Similarly, Peter draws false dichotomies throughout the book. Between belief and action ("only action matters, period!" when in fact right action is most important, but is inseparable from and flows from right belief), between prayer/Bible-study and service of the poor ("only the latter matters period, the former is nothing"), between even love of God and love of man. Yes, if you pray and read your Bible but don't follow the commandments, your faith is dead. The flipside (which Peter doesn't acknowledge or understand) is that if you don't pray and read the Bible (or, to go further, believe rightly, go to church etc.), you can not possibly 'incarnate' the commandments. Though the two are intricately interwoven, the commandment to love God comes before and is higher than the commandment to love man.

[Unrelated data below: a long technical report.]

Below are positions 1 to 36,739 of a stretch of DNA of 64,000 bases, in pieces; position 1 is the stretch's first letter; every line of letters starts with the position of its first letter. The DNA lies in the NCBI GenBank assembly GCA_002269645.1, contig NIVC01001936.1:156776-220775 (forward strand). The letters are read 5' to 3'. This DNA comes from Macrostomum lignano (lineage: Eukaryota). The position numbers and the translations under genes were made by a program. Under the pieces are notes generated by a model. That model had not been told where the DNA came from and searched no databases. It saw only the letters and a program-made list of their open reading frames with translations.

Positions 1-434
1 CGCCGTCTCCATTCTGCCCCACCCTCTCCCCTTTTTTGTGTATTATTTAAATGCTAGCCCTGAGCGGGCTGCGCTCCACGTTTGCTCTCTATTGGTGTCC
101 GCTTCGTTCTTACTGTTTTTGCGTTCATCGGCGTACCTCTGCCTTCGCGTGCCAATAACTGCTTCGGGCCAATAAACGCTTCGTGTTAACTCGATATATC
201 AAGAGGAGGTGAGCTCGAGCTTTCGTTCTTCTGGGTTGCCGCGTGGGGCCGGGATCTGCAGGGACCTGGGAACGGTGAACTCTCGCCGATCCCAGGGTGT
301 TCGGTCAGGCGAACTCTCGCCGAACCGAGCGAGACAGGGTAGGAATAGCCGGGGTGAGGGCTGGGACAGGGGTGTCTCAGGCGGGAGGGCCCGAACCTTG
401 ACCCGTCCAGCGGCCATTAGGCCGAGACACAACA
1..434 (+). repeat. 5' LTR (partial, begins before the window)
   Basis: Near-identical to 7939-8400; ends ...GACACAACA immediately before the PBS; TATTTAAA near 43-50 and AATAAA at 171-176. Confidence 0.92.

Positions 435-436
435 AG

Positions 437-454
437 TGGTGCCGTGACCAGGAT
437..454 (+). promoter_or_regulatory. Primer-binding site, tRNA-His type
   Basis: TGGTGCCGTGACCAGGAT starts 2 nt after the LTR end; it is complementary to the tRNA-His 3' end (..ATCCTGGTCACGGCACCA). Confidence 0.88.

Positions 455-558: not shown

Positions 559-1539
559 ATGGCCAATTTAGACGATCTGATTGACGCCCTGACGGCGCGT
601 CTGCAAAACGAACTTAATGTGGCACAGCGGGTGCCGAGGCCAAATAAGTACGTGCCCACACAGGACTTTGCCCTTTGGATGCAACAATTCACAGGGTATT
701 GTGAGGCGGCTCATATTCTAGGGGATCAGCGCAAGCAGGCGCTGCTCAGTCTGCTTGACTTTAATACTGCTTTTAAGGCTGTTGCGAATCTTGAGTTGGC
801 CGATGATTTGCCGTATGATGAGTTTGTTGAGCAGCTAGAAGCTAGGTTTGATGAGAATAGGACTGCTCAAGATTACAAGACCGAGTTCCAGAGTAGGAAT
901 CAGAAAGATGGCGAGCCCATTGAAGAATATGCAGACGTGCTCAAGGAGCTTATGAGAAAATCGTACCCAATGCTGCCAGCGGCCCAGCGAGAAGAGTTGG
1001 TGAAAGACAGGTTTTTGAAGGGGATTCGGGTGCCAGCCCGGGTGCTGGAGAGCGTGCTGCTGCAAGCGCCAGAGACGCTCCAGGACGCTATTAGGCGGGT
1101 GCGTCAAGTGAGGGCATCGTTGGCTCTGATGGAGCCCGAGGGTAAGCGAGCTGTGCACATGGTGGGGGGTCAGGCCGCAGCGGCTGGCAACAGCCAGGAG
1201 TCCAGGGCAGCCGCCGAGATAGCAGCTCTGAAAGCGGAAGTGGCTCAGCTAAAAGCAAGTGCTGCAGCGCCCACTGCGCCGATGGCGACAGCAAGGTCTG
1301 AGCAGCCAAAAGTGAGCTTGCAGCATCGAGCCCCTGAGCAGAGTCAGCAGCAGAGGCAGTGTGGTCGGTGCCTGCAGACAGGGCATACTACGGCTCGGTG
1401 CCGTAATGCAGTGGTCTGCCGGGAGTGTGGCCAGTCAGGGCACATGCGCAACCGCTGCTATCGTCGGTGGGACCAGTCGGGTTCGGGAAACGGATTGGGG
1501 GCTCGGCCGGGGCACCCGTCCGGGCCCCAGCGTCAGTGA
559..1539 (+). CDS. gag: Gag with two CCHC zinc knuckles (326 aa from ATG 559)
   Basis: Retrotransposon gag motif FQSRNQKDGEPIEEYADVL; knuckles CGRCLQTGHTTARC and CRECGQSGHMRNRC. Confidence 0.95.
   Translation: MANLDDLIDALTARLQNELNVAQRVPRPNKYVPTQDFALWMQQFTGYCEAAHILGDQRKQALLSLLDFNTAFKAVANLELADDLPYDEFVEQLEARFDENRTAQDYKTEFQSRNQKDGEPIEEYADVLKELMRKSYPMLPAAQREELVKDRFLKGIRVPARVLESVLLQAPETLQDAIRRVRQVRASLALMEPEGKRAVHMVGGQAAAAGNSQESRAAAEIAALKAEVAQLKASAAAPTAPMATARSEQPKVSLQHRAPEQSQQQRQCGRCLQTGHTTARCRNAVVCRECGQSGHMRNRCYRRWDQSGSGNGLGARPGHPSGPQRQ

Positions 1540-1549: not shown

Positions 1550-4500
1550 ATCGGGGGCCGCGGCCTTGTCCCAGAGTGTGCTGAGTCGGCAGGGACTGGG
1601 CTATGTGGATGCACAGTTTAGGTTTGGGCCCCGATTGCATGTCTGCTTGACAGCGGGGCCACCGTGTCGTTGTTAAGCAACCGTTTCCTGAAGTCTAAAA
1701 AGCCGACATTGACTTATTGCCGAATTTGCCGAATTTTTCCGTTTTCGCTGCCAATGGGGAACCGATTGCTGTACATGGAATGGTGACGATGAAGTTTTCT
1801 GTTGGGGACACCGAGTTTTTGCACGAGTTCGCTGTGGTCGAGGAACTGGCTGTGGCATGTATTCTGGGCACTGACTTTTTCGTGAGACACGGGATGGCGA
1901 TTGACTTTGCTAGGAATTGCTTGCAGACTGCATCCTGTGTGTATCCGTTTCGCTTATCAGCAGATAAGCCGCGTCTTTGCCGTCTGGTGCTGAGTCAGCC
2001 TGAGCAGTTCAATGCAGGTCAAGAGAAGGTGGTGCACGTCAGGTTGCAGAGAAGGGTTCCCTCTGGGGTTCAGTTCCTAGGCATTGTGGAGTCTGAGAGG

Perhaps the most disturbing aspect of the book is the tweaking of gospel accounts and parables, turning them into new parables, and developing teachings that are often directly contrary to the actual gospel account. To give just one example, the author is apparently uneasy with the parable of the prodigal son presenting repentance as preceding forgiveness, so he retells the parable almost unchanged, except it moves the prodigal's repentance to the end. Instead of waking up from his wallowing with swine, having seen his own depravity, and repenting (which is demonstrated by both his words and his action of returning home), Peter imagines his return is self-interested and not penitent, and only later does he experience repentance as a result of forgiveness. Of course, experiencing our gracious Lord's long-suffering mercy does lead us to *greater and deeper* repentance, but there is no forgiveness w/o repentance. As the parable (in its original form) clearly reveals. Peter apparently prefers a different moral, one contrary to Christ's words. Christ could have, of course, told a parable of a father who drags his son -- kicking and screaming, against his will -- out from the mire and muck of his sin, back into his arms, but this would rather obviously not be loving or true forgiveness. Yet it's the model of forgiveness Peter ultimately endorses, whether he realizes it or not.